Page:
Everybody can manage risk, only few can minimise it.

Organisations use resources to try to achieve an aim. This can be very challenging even when all goes well. But there are risks everywhere. Not just the risks you can point at, identify and manage, but also the risks you can’t readily identify. As the organisation grows these unidentified risks (and the related uncertainty) only multiply. Does the organisation have all the right experts it needs to minimise risk in achieving its goal? Is the organisation able to provide the conditions to maximally utilise the available expertise? Is the organisation able to identify the relevant changes both within and outside of it? 

To these uncertainties the principles of Risk Management cannot be applied. These uncertainties are risks which cannot be “managed” away. These uncertainties are, in fact, “unmanageable risks”. To deal with the emotional arousal of not being certain organisations use the familiar tools of direction, inspection, contracts and protocols. But what these familiar tools have in common is that they are either the result of, or tend to result in, decision making. Which increases risk.

Experts, by definition, minimise risk. Experts know what to do in order to achieve a desired outcome. They don’t come to “a conclusion or resolution after careful thought”, because to them the situation is transparent. Experts don’t make decisions. Experts make substantiated choices instead. But what does it take to become an expert?

In the DFS-textbook the term “expert” (noun/adjective) is defined as the ability to minimise risk in achieving a desired outcome. One of the key-words here is “ability”. To minimise risks decisions are to be avoided, which means that — to the expert — situations must be transparent.

In DFS an Event model is used which states that the outcome of any event is determined by the event conditions and “universal rules” which impact on these conditions. To be an expert with respect to an event means that these conditions must be identified and the universal rules known. As we are generally more interested in achieving a particular desired outcome, the expert has to be able to perceive the event’s information, and also know how to alter the event’s conditions so that the desired outcome can be achieved.

To become an expert, the information pertaining to an event (event conditions and universal rules) has to be perceived. It takes a combination of ‘perceptiveness’ and ‘experience’ to be able to do so.

With regards to perceptiveness:

  • Perceptiveness is the ability to, in a given situation, see new information that wasn’t perceived before.
  • Someone’s degree of perceptiveness (someone’s ability to perceive new information) may not be a constant, but from a practical perspective, for most events that occur in an organisation, a person’s or an organisation’s perceptiveness may be considered constant.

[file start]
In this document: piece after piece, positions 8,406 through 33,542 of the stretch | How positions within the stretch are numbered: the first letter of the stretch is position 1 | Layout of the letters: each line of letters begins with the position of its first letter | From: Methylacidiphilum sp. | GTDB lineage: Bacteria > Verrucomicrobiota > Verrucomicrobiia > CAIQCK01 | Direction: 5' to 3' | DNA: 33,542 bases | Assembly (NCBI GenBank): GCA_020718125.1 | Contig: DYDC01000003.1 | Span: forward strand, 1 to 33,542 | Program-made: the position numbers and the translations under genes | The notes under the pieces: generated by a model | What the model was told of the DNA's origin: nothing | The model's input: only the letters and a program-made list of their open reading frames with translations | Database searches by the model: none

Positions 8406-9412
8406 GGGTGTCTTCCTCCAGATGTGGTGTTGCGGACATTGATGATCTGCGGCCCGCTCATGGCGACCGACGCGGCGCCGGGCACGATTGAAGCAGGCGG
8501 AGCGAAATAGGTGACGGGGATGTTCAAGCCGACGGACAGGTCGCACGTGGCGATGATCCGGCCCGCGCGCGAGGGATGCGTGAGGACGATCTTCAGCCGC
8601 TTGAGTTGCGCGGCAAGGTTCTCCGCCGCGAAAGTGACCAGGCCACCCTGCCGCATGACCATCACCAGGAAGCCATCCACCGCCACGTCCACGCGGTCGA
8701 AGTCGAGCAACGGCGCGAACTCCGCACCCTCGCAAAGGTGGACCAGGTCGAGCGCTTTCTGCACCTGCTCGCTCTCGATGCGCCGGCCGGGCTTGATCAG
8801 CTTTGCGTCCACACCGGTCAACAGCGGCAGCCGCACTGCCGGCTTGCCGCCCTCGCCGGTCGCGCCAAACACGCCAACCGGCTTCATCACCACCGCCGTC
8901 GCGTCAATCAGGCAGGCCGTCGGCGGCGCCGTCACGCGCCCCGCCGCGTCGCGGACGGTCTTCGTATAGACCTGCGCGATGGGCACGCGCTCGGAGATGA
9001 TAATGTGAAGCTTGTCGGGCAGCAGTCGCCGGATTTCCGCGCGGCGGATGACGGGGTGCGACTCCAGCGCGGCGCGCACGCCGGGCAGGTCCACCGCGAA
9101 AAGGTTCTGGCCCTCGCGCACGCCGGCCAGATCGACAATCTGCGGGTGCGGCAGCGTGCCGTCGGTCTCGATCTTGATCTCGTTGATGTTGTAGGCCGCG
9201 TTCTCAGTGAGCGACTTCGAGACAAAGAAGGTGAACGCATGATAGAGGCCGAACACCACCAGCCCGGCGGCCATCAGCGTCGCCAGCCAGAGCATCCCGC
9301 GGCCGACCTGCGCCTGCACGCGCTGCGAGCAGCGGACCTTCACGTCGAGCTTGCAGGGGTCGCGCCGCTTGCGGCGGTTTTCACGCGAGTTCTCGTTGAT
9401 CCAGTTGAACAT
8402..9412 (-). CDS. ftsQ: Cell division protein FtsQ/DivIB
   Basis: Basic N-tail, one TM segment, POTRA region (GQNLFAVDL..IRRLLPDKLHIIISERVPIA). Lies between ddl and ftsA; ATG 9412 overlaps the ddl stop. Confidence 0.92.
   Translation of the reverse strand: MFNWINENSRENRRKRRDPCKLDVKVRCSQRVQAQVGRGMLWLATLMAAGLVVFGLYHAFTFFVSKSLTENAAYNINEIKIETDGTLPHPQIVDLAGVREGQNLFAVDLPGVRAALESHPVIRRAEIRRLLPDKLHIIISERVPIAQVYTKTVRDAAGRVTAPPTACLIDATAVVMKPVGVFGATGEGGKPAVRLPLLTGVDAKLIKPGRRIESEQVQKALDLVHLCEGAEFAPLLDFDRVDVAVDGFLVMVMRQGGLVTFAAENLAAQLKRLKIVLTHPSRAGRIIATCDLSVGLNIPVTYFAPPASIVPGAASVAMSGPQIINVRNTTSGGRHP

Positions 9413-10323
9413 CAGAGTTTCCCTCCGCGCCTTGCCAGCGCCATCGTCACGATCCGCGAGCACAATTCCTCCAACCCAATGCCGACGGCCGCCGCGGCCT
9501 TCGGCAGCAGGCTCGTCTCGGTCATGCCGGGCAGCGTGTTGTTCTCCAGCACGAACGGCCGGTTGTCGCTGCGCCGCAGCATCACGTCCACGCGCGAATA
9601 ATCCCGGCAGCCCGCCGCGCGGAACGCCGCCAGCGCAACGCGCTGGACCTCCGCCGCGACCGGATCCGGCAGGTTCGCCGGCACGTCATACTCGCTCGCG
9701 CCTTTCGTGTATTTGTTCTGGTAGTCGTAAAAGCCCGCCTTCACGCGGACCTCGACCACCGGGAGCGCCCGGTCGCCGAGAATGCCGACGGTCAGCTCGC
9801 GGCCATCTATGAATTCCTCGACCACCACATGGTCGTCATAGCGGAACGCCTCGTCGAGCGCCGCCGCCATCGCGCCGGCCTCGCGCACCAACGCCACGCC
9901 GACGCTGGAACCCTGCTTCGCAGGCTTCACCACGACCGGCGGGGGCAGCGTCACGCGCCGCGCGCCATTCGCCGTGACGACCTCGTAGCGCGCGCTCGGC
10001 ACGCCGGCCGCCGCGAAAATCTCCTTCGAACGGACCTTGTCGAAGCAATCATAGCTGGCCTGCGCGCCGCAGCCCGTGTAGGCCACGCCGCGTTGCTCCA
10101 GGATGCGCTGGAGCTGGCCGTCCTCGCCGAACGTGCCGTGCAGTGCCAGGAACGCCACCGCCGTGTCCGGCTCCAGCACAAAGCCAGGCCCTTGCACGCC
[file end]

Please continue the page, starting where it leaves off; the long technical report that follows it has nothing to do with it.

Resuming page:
• Perceptiveness is rarely event-specific but generally applies to a broad range of related or similar events.
  • Perceptiveness is qualified: some people perceive certain types of information better than other types. E.g. some have a high degree of e.g. ‘social perceptiveness’, others a high degree of ‘cognitive perceptiveness’, still others may have both, or different types of perceptiveness.
  • Someone who is a ‘perceiver’ is an observer who is interested (curious) in the universal rule that lead to the new information what was just observed. Not all observers are interested in this. Not all observers, hence, are perceivers.

With regards to experience:

  • ‘Experience’ relates to how often someone has been in a particular situation (the totality of identical or similar events lived through in the past). It is a measure of the number of opportunities had to perceive information and to learn universal rules in a particular field.
  • Experience can be gained slowly or rapidly, based on the type of event. There are events which happen several times during the day (e.g. dealing with customers), and there are events which take months or years (e.g. projects).
  • Some events may be unique occasions, for which no or only partial experience can be gained. When experience plays a lesser role, perceptiveness becomes all the more pivotal in minimising risks.
  • Experience in itself does not communicate anything without outcome data. Experience doesn’t communicate expertise, experience combined with good performances does.

Everyone is an expert when it comes to gravity. We all know what will happen when a glass is knocked off the table. When it comes to organisations, to departments, to teams, to positions of management we are not all able to minimise risks in achieving the desired outcome.

Someone’s relevant experience may be relatively easy to assess, but someone’s ability to perceive can’t be directly measured. It can be observed, however. Which is another topic, and described at length in the DFS-textbook.

***

The approach of Decision Free Solutions uses four steps (DICE), five principles (TONNNO) and the role of the Decision Free Leader (DFL) to achieve this. An introduction to the approach of Decision Free Solutions is provided in a short article you will find here.

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